Saint Sernin Basilica, photo Annie Sargent

Today, Elyse shares with us the Top Attractions in Toulouse. It was hard to limit ourselves to 7 because this is our home town, but we have to start somewhere! No more excuses, you need to come visit Toulouse! Why do we say something so bold? We tell you all about it in this, episode 31 of the Join Us in France Travel Podcast.

It is significant that this is episode 31. Do you know why?

As a native of the city, Annie is proud to report that Lonely Planet recommends our home as one of their Top Ten destinations in Europe for 2014. To which we say: What took them so long?!

If you love our approach to travel and want to tour France with us, visit Addicted to France to look at upcoming tours.

Episode Highlights

  • Top Attractions in Toulouse
  • A city in the shape of a heart
  • Tearing down the fortification walls
  • A charming city
  • A city for young people
  • 7 things you should not miss when you come to Toulouse
    1. Saint-Sernin Basilica
    2. The Capitole and the reception gallery “Salle des Illustres”
    3. Les Jacobins
    4. Renaissance mansions in Toulouse
    5. Walk along the banks of the Garonne River
    6. The Canal du Midi
    7. Food Markets in Toulouse
  • The first two weeks of August are dead in Toulouse
  • The 4th July party for Americans in Toulouse
  • Civil wedding in Toulouse
  • Other top attractions in Toulouse: City Parks
  • Aviation in Toulouse
  • Food in Toulouse
  • Conclusion: How to come to Toulouse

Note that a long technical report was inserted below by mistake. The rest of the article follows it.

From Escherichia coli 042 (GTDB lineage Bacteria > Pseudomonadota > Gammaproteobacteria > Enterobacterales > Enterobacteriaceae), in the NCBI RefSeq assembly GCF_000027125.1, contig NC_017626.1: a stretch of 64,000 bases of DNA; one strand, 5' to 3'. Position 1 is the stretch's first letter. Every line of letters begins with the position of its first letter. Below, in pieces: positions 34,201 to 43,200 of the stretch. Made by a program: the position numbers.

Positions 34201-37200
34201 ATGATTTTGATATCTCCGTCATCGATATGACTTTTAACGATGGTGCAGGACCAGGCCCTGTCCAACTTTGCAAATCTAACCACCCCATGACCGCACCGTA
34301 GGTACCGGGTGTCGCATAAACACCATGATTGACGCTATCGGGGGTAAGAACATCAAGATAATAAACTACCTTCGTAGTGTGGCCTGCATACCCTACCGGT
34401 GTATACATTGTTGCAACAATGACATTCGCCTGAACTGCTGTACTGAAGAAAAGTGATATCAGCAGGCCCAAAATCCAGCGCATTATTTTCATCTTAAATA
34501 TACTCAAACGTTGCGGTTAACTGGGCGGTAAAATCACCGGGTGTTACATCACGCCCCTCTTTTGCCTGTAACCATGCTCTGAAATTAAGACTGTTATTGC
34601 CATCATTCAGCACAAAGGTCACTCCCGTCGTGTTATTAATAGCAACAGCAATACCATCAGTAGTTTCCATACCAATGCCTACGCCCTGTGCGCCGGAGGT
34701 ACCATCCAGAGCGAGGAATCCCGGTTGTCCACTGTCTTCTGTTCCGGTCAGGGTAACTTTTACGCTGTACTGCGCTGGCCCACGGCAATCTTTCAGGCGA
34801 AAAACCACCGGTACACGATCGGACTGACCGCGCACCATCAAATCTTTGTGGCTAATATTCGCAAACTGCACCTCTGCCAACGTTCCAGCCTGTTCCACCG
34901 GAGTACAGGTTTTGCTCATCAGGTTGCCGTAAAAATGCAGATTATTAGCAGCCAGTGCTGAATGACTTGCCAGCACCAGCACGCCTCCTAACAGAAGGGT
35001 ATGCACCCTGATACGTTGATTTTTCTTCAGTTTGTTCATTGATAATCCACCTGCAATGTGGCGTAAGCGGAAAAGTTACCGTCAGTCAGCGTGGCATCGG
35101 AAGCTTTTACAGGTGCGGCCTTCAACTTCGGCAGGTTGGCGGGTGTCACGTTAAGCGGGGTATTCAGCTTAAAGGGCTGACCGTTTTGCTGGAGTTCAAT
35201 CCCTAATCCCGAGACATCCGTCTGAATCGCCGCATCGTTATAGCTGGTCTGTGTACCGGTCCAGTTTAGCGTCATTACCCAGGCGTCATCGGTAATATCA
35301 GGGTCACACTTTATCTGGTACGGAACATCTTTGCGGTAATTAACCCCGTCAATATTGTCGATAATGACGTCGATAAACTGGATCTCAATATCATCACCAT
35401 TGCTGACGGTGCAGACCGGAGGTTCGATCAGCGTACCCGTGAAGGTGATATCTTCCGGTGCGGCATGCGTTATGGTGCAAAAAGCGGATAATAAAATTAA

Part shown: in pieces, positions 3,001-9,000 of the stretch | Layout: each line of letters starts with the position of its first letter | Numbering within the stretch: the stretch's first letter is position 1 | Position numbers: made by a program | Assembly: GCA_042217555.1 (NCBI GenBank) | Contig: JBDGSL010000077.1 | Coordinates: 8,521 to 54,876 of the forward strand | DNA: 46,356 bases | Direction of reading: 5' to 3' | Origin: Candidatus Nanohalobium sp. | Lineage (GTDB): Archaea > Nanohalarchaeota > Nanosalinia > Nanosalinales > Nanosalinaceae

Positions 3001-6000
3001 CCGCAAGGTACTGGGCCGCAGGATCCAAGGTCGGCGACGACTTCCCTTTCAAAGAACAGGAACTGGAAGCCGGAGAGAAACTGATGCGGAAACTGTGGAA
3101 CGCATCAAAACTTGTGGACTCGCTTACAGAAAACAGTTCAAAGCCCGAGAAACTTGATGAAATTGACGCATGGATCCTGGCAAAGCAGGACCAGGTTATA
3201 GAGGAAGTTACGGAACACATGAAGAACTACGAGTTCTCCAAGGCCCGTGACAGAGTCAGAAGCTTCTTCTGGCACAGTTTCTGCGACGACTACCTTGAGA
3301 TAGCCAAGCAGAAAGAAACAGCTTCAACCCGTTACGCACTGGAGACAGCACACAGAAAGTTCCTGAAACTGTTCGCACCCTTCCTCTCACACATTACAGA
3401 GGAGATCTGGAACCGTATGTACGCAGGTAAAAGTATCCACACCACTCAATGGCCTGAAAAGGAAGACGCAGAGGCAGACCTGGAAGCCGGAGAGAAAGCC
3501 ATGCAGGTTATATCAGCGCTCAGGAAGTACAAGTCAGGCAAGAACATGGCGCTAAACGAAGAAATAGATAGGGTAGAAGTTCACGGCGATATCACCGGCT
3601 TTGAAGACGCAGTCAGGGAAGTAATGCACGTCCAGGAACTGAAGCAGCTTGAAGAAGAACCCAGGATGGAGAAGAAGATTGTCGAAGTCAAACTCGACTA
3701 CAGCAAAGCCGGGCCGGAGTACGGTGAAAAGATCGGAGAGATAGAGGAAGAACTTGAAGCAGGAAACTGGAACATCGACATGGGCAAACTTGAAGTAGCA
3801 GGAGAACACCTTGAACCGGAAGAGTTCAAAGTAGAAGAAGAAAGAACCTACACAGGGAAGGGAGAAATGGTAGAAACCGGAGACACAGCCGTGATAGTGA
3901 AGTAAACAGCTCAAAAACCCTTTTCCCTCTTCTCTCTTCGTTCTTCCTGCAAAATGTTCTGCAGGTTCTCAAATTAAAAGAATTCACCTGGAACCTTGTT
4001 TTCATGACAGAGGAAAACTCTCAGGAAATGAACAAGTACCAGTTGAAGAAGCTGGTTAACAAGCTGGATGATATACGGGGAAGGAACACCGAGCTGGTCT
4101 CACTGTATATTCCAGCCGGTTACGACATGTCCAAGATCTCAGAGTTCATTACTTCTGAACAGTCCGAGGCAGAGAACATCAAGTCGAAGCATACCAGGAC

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Best Covered Passages in Paris, Episode 29

 Best covered passages in Paris, shopping

Best Covered Passages in Paris

This week we look at the Best Covered Passages in Paris (we call them “galeries” in French) and why return visitors to the City of Light should definitely consider visiting the some. There are lots of them, but we have our favorites, which is why we are concentrating on the best covered passages in Paris.

Elyse explains how they came to be historically, why she likes them so much, and suggests a few you may want to concentrate on because they offer particularly wonderful architecture or ambiance.

Would you like to tour France with Annie and Elyse? Visit Addicted to France to choose an upcoming tour.

Episode Highlights

    • What are the Covered Passages?
    • Where are the best covered passages in Paris?
    • How French Kings and Noblemen created the Galleries
    • The Galleries were the original shopping malls
    • The Best Passages in Paris:
      • Passage Panorama (Near Galeries Lafayette and Printemps, 1799)
      • Passage Jouffroy (1847)
      • Passage Verdeau (think “verre d’eau!”, 1847)
      • Galerie Vivienne (Palais Royal area)
      • Galerie Véro-Daudat
      • Passage Brady (ehtnic foods from Pakistan and India)
      • Galerie Colbert near the Bibliothèque Nationale
      • Passage du Grand Cerf between rue Saint-Denis and place de la République
      • Passage des Princes
      • Passage de Choiseul (1825, had theaters and cabarets)

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Sharing the Best of France